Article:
You can barely make out the mountain horizon this past of couple weeks due to all that gray junk in the air, but that didn't stop people from heading out to Gallery Stroll this past Friday. --- The monthly event usually slows down in the summer because, to be blunt, people wuss out and can't stand the heat while walking around to a couple of galleries. However, that was surprisingly not the case for what is typically known as the hottest month to go strolling, as a lot of the galleries I hit up were packed!
This month, I made our my over to Spy Hop Productions on 500 West, where they were having an open-house Street Party to show off the artwork, music, games and more made by the students who attend, along with activities for everyone to get involved with like movie showings, screenprinting and more. I chat with Spy Hop staffers Virginia Pearce and Chris Manfre about their careers and joining the organization, the work they had on display this past Friday, and thoughts on the art scene -- all with pictures of the event that you can check out here.
Chris Manfre & Virginia Pearce
Gavin: Hey, Chris and Virginia. First thing, tell us a little bit about yourselves.
Chris: I love creating fun things and then breaking it down into bit-sized chunks and teaching others how to create fun things.
Gavin: How did you take an interest in entertainment in general, and what influenced both of you early on?
Virginia: I was a photographer early on, and have always been interested in film and photography.
Chris: I was definitely influenced by music, video games and, for some reason, gas-station logos. Growing up on Atari & NES, breakdancing and polka-dot shirts on top of MC Hammer pants it was a given.
Gavin: Did either of you take any college courses prior to your formal careers, or did you just start out doing what you loved?
Virginia: I went to college, but not in the arts!
Chris: I studied Interactive Media at [Salt Lake Community College] and also interned at Counterpoint Recording Studio when it first opened.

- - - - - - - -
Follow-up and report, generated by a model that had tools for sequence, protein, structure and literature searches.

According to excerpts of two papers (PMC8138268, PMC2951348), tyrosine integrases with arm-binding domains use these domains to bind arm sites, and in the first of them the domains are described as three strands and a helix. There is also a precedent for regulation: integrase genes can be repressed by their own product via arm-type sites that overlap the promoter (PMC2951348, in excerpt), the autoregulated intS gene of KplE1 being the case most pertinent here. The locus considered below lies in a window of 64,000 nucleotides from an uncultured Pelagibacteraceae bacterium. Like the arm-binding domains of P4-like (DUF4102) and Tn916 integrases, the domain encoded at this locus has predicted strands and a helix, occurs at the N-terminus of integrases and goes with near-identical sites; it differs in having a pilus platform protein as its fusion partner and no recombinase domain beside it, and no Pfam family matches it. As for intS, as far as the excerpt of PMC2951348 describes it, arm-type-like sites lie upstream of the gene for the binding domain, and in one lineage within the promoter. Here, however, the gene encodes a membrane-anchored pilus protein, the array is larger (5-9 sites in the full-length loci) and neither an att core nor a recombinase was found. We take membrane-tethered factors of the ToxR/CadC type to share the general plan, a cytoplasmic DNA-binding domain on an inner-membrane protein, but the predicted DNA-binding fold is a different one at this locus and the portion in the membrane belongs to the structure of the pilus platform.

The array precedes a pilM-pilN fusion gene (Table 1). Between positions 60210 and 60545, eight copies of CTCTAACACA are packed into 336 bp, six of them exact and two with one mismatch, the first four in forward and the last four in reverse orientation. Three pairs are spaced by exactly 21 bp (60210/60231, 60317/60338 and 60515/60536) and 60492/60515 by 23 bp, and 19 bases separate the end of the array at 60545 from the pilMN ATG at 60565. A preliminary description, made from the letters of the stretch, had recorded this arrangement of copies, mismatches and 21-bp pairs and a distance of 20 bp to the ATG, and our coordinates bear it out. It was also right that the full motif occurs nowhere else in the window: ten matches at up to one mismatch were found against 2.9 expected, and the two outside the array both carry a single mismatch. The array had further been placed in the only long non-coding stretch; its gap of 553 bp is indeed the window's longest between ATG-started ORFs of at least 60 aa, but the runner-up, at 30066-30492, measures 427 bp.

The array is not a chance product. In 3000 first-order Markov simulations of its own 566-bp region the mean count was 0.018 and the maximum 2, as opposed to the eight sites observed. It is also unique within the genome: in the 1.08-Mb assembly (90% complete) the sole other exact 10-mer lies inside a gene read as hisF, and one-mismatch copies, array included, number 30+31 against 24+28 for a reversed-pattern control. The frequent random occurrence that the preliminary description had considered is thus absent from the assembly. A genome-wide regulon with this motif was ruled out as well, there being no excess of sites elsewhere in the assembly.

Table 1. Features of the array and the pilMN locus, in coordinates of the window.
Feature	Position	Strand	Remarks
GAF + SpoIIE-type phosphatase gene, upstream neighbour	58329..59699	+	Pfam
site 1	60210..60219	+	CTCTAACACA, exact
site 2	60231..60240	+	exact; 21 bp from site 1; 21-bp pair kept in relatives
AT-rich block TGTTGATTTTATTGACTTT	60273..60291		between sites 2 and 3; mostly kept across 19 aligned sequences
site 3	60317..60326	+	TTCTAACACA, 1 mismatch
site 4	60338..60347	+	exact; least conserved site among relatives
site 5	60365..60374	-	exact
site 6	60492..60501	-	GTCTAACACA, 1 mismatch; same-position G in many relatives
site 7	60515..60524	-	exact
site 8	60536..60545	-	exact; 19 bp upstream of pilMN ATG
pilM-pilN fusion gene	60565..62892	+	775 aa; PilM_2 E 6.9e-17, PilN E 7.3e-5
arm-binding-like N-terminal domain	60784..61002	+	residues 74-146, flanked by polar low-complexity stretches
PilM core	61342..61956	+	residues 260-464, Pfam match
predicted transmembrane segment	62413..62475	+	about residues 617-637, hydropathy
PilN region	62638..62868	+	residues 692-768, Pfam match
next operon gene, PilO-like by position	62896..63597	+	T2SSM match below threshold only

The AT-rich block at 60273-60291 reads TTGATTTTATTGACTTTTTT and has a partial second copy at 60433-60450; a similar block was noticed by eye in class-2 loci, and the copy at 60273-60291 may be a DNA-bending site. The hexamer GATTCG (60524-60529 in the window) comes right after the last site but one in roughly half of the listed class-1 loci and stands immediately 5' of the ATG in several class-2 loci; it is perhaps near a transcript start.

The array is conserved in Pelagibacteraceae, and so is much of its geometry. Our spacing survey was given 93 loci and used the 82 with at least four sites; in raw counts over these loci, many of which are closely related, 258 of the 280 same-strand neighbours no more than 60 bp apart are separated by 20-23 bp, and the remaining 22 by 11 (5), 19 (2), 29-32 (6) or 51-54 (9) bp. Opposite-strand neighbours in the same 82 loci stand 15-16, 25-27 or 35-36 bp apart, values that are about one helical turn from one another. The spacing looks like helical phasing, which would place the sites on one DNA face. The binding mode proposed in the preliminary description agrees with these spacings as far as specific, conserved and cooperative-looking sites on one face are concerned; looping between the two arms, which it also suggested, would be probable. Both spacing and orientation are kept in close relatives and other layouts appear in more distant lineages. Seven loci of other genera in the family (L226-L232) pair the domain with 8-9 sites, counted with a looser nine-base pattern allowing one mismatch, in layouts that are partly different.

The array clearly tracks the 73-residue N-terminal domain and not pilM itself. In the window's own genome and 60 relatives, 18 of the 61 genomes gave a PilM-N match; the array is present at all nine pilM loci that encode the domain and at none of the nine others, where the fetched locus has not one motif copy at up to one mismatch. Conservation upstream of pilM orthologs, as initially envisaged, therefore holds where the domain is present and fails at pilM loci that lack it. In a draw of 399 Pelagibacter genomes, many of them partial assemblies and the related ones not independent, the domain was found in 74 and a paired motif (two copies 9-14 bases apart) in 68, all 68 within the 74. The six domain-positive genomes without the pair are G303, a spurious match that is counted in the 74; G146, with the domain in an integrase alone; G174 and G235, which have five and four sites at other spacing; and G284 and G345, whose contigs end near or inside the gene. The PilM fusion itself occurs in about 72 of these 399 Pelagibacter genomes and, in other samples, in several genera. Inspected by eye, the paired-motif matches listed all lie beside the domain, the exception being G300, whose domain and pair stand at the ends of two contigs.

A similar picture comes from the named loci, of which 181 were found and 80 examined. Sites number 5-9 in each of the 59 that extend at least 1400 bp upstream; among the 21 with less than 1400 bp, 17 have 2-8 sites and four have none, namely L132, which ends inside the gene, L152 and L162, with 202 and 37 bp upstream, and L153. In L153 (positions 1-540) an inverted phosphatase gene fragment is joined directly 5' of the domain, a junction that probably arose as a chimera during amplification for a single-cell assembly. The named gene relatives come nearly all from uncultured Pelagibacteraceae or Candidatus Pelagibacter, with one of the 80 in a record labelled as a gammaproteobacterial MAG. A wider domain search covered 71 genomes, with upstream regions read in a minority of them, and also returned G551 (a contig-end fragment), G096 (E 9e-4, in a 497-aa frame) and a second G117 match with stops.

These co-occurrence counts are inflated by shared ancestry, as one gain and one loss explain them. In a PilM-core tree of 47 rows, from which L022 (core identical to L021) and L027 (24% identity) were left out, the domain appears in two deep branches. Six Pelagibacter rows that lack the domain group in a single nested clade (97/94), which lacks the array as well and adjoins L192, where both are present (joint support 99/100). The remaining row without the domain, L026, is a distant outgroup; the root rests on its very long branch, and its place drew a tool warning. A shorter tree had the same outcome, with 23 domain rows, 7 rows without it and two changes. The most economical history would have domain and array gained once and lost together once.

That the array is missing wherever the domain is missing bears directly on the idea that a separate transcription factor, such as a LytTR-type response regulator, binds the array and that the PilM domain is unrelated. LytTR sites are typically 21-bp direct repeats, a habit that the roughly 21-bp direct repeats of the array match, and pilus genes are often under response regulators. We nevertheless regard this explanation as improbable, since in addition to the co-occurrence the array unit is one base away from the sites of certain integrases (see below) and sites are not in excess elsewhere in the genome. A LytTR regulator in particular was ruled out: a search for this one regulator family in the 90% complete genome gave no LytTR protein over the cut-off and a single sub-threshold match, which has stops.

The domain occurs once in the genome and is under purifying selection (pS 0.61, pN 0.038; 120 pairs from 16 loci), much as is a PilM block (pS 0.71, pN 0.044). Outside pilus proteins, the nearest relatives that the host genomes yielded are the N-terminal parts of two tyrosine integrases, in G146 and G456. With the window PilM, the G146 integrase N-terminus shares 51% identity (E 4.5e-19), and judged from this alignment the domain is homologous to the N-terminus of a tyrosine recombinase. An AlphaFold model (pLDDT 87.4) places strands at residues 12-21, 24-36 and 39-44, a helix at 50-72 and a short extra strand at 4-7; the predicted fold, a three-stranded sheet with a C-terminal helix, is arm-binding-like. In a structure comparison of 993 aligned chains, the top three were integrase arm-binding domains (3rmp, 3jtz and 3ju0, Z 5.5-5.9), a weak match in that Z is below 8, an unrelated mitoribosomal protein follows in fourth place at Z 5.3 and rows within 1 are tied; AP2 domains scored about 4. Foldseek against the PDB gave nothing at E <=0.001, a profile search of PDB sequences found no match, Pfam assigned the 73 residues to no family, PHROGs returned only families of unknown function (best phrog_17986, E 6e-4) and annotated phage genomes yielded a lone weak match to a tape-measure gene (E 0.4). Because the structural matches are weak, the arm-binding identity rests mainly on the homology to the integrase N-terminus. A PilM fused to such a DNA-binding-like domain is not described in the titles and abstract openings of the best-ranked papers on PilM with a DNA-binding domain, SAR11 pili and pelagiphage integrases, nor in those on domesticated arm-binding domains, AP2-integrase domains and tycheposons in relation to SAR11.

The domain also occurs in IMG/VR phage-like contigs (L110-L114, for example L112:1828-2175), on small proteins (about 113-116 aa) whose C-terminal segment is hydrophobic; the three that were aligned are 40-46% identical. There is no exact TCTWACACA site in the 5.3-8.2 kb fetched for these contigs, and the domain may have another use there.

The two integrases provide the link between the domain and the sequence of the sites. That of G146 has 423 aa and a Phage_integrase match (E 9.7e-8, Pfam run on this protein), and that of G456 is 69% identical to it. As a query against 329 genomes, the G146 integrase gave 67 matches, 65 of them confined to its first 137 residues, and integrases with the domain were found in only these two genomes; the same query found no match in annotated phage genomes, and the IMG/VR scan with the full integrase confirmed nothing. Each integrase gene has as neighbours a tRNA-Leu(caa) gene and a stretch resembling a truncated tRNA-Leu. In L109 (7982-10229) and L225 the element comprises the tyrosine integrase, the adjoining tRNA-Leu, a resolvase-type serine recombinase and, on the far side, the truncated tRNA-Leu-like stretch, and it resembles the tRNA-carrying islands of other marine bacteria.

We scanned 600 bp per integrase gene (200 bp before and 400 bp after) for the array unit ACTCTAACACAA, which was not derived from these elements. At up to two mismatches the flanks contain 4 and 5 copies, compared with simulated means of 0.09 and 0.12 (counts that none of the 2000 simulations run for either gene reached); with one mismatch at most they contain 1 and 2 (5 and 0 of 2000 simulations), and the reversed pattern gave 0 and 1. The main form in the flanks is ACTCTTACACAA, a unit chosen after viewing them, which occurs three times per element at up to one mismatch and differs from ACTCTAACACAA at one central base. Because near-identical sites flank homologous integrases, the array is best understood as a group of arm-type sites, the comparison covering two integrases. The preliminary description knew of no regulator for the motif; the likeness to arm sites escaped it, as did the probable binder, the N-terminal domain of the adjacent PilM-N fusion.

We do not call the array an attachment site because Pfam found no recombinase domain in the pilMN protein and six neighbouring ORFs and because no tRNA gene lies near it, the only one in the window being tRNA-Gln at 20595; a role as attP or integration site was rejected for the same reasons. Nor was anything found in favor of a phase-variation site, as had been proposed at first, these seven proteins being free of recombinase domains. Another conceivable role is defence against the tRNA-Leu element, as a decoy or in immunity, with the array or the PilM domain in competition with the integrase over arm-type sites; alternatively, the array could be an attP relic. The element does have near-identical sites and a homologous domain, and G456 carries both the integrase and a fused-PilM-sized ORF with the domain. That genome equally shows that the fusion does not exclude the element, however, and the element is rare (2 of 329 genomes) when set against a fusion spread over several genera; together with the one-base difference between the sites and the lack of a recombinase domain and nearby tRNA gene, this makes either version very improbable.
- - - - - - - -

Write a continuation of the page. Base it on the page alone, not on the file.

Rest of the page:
Gavin: Virginia, your background is in photography and filmmaking. What was it like for you starting off and being freelance photographer?
Virginia: I loved being able to do exactly what I wanted to do -- and had a lot of great experiences traveling around the country -- and living in Paris -- with my photography.
Gavin: Later on, you got involved with the Sundance Institute and the film festival itself. How did that opportunity come about, and what was it like working with them for nine years?
Virginia: On one of my stops through SLC to see my family, I applied to be a volunteer with the Film Festival. My sister and I had always attended, and I thought it would be fun to spend a few weeks immersed. They called me and asked me if I wanted a job instead, and I didn't look back. Being at Sundance for 12 years was an amazing experience -- so many great people. I loved being a part of it!
Gavin: Chris, your background is in audio engineering and you got your start with Mammoth Sound in Salt Lake City. How was it for you breaking into the industry and working for that company?
Chris: Mammoth Sound was great. My friend Chris Wright started working for Mammoth and helped me land a job there. We did sound in a lot of concert venues including: Harry O's, Urban Lounge, Salt Air , Lo-Fi Cafe and Avalon Theater and it gave me a chance to work with a lot of awesome and legendary musicians. I love doing live sound but I also love my hearing so I don't do it too much anymore.